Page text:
thaTw!i>nj' through the basket-maker's shop (that customers passed r.nf t ^wofhis wares, was a consideration that largely affected the

*. . ' oria nd vantage), and knocked his head and liis elbowB on

a rrcase, and thought it was indeed the funniest place of its kind ,e .. ,®ver 6e®n- Bit- when he reached the tea-room, and^looked rouna with his cultured eyes upon its singular appointments, he wiis quite

churned. ^ expected him to be, and more surprised than

. " ^ow very extraordinary 1" he ejaculated. " .What an oasis in the howl

ing desert of Little Collins-street!"

Yes, isn t it?' returned Maude, jerking her head from sj£/e to side. "I

ew you would like it. But, oh, do look how full it is! How tiresome of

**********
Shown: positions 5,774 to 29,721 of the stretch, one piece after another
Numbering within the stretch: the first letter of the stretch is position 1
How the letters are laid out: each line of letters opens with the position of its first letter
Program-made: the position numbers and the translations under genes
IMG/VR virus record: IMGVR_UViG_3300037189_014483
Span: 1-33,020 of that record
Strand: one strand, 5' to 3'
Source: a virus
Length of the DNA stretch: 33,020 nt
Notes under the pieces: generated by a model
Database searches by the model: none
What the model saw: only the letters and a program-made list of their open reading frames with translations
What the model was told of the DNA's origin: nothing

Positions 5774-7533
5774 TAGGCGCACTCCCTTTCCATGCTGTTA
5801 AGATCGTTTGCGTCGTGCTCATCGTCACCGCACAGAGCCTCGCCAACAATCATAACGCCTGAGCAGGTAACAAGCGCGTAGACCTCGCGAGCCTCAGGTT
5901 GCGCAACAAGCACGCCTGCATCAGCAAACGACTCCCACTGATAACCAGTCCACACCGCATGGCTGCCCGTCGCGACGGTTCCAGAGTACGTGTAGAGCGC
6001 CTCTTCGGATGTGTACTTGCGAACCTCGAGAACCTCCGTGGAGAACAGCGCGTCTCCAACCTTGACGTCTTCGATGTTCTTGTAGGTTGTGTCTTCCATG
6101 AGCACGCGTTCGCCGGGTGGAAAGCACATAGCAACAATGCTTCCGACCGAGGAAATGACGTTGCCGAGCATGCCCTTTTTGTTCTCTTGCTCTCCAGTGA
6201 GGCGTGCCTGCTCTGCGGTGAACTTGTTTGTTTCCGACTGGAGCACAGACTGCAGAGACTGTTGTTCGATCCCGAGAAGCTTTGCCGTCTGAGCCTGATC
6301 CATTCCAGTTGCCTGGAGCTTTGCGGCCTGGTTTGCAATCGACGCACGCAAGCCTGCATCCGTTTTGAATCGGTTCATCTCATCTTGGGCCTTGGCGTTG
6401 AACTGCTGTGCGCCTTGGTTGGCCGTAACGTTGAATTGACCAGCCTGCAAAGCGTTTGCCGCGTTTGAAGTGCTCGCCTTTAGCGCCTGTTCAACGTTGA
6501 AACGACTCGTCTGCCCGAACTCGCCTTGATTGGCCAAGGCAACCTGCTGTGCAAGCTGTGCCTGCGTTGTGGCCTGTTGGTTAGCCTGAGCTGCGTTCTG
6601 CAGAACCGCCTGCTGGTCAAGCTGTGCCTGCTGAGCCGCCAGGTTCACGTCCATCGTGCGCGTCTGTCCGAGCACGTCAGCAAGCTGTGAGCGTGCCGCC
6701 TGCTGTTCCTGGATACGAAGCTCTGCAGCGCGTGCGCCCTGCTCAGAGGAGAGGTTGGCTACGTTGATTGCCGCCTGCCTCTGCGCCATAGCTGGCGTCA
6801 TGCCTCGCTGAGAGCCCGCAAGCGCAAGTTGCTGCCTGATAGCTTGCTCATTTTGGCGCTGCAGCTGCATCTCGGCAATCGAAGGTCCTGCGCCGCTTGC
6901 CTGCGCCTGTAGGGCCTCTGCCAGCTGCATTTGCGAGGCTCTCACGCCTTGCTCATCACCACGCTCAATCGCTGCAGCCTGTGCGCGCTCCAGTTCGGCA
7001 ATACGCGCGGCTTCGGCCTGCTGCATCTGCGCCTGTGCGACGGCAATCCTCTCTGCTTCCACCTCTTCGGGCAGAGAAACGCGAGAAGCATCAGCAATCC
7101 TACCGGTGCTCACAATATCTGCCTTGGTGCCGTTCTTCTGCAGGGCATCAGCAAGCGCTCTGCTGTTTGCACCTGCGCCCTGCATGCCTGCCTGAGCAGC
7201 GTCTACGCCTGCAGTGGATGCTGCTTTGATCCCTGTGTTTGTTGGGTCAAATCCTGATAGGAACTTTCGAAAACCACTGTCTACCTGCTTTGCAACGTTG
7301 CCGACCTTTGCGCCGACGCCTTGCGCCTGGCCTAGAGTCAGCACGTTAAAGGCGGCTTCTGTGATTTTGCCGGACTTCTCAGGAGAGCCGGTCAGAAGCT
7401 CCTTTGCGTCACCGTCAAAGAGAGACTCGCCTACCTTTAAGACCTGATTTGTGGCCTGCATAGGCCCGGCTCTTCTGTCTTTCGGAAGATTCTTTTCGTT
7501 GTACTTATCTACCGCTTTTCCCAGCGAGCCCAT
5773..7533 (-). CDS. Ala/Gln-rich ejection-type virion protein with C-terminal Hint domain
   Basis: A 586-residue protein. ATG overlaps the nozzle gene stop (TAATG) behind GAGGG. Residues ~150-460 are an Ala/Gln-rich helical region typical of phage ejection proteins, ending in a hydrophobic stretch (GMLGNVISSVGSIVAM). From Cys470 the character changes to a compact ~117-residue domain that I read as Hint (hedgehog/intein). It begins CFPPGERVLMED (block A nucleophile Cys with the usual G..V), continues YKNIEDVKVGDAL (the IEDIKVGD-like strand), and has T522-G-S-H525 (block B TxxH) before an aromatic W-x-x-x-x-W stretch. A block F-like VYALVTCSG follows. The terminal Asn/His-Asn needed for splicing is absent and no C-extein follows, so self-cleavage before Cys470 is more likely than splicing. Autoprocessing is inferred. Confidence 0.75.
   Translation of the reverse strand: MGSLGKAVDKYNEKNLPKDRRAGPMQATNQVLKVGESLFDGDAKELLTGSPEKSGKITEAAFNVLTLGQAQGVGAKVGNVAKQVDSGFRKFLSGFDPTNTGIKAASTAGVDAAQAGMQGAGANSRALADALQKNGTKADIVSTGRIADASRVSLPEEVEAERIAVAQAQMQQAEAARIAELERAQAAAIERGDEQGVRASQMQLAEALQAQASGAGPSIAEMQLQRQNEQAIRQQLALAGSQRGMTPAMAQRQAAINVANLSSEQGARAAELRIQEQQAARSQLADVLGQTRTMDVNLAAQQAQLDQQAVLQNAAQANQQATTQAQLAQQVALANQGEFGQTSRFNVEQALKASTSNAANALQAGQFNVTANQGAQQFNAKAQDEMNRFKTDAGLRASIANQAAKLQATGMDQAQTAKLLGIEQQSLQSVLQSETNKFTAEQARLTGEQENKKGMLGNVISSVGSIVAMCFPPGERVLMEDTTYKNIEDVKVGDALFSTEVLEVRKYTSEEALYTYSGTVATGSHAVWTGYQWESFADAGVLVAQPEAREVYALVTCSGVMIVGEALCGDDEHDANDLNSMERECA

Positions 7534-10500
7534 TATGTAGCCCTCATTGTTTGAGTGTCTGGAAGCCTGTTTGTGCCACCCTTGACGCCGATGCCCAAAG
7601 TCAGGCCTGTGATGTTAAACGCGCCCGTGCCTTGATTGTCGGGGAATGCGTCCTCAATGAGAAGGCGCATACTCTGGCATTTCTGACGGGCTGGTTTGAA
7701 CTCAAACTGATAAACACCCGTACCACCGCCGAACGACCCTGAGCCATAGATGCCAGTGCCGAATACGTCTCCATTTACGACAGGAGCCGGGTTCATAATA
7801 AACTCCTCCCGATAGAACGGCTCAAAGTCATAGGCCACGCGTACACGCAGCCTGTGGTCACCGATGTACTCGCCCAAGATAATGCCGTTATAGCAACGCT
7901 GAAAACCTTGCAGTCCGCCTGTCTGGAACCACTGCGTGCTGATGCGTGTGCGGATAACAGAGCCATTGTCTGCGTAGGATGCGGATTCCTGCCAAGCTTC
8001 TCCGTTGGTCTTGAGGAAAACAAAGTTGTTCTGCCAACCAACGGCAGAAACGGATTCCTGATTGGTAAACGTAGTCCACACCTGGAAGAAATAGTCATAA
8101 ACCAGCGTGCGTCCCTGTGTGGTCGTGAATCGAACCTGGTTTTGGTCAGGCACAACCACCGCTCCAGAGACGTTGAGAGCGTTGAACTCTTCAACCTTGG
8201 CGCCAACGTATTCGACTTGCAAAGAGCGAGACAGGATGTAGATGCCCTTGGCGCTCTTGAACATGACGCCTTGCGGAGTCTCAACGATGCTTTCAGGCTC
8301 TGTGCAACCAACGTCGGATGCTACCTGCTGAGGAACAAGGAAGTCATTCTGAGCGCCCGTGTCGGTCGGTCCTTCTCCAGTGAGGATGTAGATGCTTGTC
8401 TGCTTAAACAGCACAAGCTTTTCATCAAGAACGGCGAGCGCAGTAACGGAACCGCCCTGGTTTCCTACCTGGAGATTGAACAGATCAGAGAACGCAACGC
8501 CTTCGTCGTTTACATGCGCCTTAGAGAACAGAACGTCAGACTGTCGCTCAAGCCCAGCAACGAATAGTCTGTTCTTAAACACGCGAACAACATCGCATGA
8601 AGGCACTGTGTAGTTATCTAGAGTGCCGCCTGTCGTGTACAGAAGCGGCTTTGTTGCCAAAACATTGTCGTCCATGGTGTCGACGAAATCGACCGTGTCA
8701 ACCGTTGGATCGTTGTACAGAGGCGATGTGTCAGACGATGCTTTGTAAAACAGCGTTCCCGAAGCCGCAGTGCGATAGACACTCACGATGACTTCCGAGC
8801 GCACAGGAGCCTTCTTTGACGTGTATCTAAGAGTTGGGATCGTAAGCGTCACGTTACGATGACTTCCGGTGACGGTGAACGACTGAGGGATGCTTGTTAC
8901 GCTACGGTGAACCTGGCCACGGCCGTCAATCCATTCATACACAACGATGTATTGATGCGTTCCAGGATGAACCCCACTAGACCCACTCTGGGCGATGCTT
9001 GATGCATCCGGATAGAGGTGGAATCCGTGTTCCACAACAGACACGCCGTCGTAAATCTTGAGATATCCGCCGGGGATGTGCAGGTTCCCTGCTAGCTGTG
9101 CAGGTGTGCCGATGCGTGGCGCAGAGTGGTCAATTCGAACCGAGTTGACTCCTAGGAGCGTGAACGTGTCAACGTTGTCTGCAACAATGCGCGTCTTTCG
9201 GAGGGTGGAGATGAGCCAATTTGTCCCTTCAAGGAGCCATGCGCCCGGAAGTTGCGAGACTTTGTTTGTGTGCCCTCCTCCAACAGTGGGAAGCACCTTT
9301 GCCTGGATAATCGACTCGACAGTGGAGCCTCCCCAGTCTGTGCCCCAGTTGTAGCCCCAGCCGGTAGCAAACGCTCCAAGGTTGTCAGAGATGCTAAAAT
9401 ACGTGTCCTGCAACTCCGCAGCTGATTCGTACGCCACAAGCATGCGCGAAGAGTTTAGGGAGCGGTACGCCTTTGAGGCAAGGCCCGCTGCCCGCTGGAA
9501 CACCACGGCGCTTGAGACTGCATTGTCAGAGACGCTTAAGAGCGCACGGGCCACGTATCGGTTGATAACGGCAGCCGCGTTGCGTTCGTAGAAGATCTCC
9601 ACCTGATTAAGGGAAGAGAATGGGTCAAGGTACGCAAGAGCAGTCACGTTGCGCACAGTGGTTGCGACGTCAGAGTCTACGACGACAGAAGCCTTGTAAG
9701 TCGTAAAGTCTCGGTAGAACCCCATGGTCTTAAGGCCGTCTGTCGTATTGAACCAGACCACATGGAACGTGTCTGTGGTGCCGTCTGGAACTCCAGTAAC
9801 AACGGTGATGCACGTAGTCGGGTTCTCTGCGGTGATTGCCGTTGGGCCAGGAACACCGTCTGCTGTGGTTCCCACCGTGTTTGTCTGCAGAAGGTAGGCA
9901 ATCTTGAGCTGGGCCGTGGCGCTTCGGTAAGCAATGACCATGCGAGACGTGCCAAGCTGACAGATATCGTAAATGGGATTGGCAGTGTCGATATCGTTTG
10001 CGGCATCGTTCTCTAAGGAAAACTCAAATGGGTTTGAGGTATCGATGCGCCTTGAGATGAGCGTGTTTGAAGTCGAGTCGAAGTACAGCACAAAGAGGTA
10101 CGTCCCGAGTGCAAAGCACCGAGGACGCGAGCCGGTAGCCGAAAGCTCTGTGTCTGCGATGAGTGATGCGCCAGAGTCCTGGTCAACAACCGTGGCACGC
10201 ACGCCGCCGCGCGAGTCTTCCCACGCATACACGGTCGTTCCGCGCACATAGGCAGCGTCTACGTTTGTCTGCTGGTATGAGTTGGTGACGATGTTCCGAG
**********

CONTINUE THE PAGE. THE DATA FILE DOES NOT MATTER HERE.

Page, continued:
?e0P ? ^°° g ^ere> 68 ^ there were no other place in the whole

wnl There s hardly a table left. Oh, here'sonel I'll get that girl to put. it in the comer yonder. She knows me." •

It will do here," said- Anthony, with a little peremptory air that she

as Quite aennRfonwd 4r> «• fiU" »

" himself.into a basket chair, and it creaked ominously.. .

Whht a Very extraordinary pince!" he repeated, as1 his stepmother drew on her gloves in preparation for prolonged repose and conversation. Then, as Jenny advanced, blushing a little—for she knew this was the junior partner, and he stared at her "intently—" What a very " He left that

sentence unfinished.

Tea and scones for two, if you please. Yes, she's quite a new type, isn t she?—like her tea-room. She's the daughter of old Liddon, who used to be in the office, and who was killed by being run over on the railway the other day. Mary says she's quite well educated."